The Communion words sent to the church at Corinth were these:

For I received from the Lord what I also handed on to you, that the Lord Jesus on the night when he was betrayed took a loaf of bread and when he had given thanks, he broke it and said. “This is my body that is for you.  Do this in remembrance of me.”

In the same way he took the cup also, after supper, saying, This cup is the new covenant in my blood.  Do this, as often as you drink it, in remembrance of me.”

For as often as you eat this bread and drink the cup, you proclaim the Lord’s death until he comes.

 Prayers of Thanksgiving

Let us pray in thanksgiving for this meal of grace, rejoin that, by the very method of our worship, we have embodied the truth that Christ’s love is not limited by buildings made with human hands, nor contained in human ceremonies, but blows as free as the Spirit in all places.

Spirit of Christ you have blessed our tables and our lives.  May the eating of this Bread give us courage to speak faith and act in love, not only in church sanctuaries, but in your precious world, and may the drinking of this cup renew our hope even in the midst of this pandemic. Wrap your hopeful presence around all whose bodies, spirits and hearts need healing, and let us become your compassion and safe refuge.  Amen.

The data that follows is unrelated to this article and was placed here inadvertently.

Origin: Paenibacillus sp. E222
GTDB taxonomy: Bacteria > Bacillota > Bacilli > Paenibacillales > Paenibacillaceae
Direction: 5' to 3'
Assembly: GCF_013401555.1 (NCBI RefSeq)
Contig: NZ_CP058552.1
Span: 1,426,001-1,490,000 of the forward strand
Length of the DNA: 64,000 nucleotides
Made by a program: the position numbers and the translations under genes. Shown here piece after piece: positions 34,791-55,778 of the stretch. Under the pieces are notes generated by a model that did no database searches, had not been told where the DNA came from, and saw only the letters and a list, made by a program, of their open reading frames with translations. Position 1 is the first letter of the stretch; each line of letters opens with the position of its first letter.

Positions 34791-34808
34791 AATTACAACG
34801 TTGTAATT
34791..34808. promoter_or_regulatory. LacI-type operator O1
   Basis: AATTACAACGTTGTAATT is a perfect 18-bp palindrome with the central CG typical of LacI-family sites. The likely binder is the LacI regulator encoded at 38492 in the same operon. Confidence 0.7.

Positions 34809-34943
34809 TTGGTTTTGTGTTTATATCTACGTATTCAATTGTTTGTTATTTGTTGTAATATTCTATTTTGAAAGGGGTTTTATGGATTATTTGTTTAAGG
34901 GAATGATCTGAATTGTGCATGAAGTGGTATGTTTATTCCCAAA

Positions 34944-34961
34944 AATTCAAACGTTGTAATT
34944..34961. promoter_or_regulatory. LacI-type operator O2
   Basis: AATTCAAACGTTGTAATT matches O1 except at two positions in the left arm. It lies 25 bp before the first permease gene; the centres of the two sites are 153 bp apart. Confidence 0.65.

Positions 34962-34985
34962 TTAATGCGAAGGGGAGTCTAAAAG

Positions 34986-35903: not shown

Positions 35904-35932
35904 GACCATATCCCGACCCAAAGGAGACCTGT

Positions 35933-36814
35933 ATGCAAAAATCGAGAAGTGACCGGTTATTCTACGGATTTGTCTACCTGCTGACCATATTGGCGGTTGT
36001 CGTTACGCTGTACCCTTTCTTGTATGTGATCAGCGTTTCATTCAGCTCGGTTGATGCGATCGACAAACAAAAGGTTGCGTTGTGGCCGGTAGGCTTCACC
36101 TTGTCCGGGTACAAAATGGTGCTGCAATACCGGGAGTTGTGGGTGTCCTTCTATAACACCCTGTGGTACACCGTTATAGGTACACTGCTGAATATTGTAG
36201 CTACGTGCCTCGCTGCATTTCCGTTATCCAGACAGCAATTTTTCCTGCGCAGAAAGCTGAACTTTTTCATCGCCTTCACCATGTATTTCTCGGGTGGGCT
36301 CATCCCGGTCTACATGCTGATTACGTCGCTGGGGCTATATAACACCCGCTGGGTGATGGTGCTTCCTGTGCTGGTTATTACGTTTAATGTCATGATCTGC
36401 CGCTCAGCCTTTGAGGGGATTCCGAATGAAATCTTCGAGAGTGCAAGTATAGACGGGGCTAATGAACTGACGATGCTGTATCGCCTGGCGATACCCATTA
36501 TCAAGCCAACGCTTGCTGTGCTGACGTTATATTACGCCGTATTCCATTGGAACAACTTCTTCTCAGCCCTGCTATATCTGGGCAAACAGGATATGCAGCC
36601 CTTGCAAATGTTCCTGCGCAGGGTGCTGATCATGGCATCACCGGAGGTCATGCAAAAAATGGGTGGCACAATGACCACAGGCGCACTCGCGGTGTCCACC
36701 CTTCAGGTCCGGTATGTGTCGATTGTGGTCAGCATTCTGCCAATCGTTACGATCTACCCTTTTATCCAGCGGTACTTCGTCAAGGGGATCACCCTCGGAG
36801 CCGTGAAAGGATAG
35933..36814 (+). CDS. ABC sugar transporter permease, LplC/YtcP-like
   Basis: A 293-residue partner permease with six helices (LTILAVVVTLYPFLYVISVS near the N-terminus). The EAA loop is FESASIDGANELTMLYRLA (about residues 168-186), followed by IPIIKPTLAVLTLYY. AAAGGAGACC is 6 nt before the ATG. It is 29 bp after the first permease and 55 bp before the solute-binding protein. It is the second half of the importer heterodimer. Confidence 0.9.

Offering of Ourselves, Our Gifts, Our Tithes

God finds no differences in us, or in our gifts.  We are all acceptable to God; our gifts no matter how big or small are all acceptable to God

♥ by secure online payment from your debit or credit card. Click here to go to our donation page to make a single or recurring donation. Multiple funds can be included in one donation by using the “Add Donation” button
Text-to-Give – Donate securely at any time just by texting a dollar amount to 84321 (eg. $5).  See our Text-to-Give page for more information.
♥ by cheque through the mail slot at the Church office entrance or by Canada Post
♥ by monthly PAR payments. To sign up contact stuart@waltonmemorial.com

Offering Prayer

These gifts, O  God, are given with our hearts, our hands, our spirits. Accept them as Christ accepted all who came, we pray. Bless them as he blessed bread and wine and people, for the coming of the reign of generosity, peace, and grace. Amen.

(adapted R. Wardlaw, The Gathering, Pentecost, 2018)

Benediction

Go from here and enjoy this summer season: at home or away, God will be with you.
In good times and challenging times, God will support us.
As we face our own challenges, God will steady us.
As we face challenges as a church, God will work with us.
As we strive to welcome others, God will call on us to open hands and hearts.
We have confidence, we go in hope, for God goes with us!

(adapted D. Sparks, The Gathering, Pentecost 2018)

Walton’s Musical Message

This morning on Facebook and on YouTube, we’re sharing a video where Linda shares with us several of our favourite hymns! Sing along!

• Walls That Divide (Ron Klusemeier)
• In Christ There is no East or West (Lift Up Your Hearts #268)
• Deep in our Hearts (More Voices #154)
• For the Healing of the Nations (Lift Up Your Hearts #289)
• Olde Irish Blessing

 

In case you missed it…

Here is Rev. Jim’s mid-week update for Wednesday, July 7th